I had the privilege to experience a short 10-year period of that exciting story and observe the sensational growth of Dubai. When I left the Arabian Gulf, I decided to remain inspired by the visionary and entrepreneurial spirit of the Emirati leadership.

Today I advise African private sector companies and government entities on aviation policy and strategy. On many occasions, I have discussions with my clients about what can we learn from Dubai’s success story and what strategies can and should be emulated for African nations. Can the “Dubai model” be copied one to one? Of course not, and no attempts should be made in blindly replicating the Dubai model. However, the case proofs once again that a nations prosperity and economic success are unthinkable without a strong air transport infrastructure and this is even more true for landlocked countries without trade ports. Every country needs an airline to contribute to the national economy, by bringing tourists, by creating jobs, by offering business opportunities and therefore making a great contribution to the development of a nation.

As HH Sheik Rashid recognized early on, an airline cannot be run in isolation to create a lasting and sustainable effect on the economy. Nevertheless, with a comprehensive national economic policy, embracing multiple industry sectors such as energy, trade, and tourism and by creating a solid framework for the aviation industry, a locally based airline can have an almost immediate and lasting impact on national prosperity.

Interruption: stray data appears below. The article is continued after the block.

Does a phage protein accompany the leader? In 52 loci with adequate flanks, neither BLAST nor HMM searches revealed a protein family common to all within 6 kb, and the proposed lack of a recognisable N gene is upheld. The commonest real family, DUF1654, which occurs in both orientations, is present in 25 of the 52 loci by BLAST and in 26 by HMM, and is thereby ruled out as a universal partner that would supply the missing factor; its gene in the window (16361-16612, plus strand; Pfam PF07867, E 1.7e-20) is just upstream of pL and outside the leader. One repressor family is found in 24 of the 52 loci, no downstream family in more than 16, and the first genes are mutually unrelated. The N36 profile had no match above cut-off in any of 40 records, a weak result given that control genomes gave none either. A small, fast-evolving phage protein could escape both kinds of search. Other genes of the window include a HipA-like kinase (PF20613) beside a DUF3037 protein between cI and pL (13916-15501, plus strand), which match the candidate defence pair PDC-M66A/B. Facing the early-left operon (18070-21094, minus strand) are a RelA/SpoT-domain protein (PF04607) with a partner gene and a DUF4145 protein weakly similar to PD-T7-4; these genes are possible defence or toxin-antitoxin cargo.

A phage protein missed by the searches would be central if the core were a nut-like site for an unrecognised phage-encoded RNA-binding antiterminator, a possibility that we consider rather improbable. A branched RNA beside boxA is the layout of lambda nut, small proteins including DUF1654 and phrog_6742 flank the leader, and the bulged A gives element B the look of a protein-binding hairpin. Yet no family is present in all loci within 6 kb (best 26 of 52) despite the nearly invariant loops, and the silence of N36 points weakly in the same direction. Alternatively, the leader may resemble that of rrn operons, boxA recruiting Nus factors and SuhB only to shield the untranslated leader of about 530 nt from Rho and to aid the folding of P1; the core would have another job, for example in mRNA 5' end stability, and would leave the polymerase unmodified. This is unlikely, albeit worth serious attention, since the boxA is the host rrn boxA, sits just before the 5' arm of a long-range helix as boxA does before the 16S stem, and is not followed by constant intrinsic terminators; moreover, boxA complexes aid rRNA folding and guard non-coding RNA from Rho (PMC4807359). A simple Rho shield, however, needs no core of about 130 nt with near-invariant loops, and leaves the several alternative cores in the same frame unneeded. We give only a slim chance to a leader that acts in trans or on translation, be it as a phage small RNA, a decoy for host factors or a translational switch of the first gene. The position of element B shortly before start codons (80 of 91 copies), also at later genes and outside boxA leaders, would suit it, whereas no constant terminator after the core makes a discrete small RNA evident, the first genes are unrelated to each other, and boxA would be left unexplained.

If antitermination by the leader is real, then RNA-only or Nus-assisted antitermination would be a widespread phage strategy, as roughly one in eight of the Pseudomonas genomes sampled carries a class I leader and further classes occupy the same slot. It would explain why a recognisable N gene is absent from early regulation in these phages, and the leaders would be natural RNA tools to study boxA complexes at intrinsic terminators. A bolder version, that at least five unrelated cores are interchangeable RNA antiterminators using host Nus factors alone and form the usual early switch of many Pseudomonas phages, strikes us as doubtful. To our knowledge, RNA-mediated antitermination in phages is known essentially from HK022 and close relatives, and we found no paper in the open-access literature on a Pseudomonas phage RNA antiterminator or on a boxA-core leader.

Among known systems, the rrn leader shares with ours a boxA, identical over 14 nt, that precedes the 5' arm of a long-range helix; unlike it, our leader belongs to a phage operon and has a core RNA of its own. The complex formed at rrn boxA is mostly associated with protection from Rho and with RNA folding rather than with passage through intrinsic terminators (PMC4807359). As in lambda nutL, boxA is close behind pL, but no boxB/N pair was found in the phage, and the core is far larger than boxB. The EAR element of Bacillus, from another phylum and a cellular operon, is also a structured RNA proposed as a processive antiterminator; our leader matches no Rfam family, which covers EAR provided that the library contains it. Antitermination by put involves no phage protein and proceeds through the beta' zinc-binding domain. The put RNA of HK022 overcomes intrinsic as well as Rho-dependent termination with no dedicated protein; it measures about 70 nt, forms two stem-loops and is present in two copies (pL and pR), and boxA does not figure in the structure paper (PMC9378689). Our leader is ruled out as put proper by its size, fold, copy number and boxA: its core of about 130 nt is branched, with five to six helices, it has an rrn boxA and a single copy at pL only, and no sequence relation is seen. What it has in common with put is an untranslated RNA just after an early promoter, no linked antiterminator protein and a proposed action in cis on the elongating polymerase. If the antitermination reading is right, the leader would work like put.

In many respects, Africa is in a very favorable position regarding its geopolitical location, its vast natural resources, its natural beauty, and diversity and yet it has not fully unleashed its potential. Despite countries like Rwanda, Ethiopia, and Kenya successfully capitalizing on opportunities in the aviation sector, there is still a lot of upside potential across the African continent.

Ashish J. Thakkar (African entrepreneur and author of the book The Lion Awakes) says it best: “The Indian Tiger and the Chinese Dragon have had their turn, now it’s time for the African Lion to roar!”

Let’s continue to develop the African aviation industry and the “roaring lion” will be heard on far-flung continents.

Oliver Meier (43)

In the 1980`s, while accompanying his father on business trips to Madagascar, Kenya, and the Seychelles, Oliver fell in love with Africa. Later, as an international airline pilot for a major middle eastern airline, he has flown to 20 of the 55 African countries and is today assisting African private sector companies, investors and government bodies in realizing their ambitious visions in the aviation sector. Oliver holds an MSc in Air Transport Management from City University London and has more than 20 years’ experience working for Emirates Airline, Gulf Air, Swiss International Airlines and other major international carriers. For more information visit: www.metrocore.aero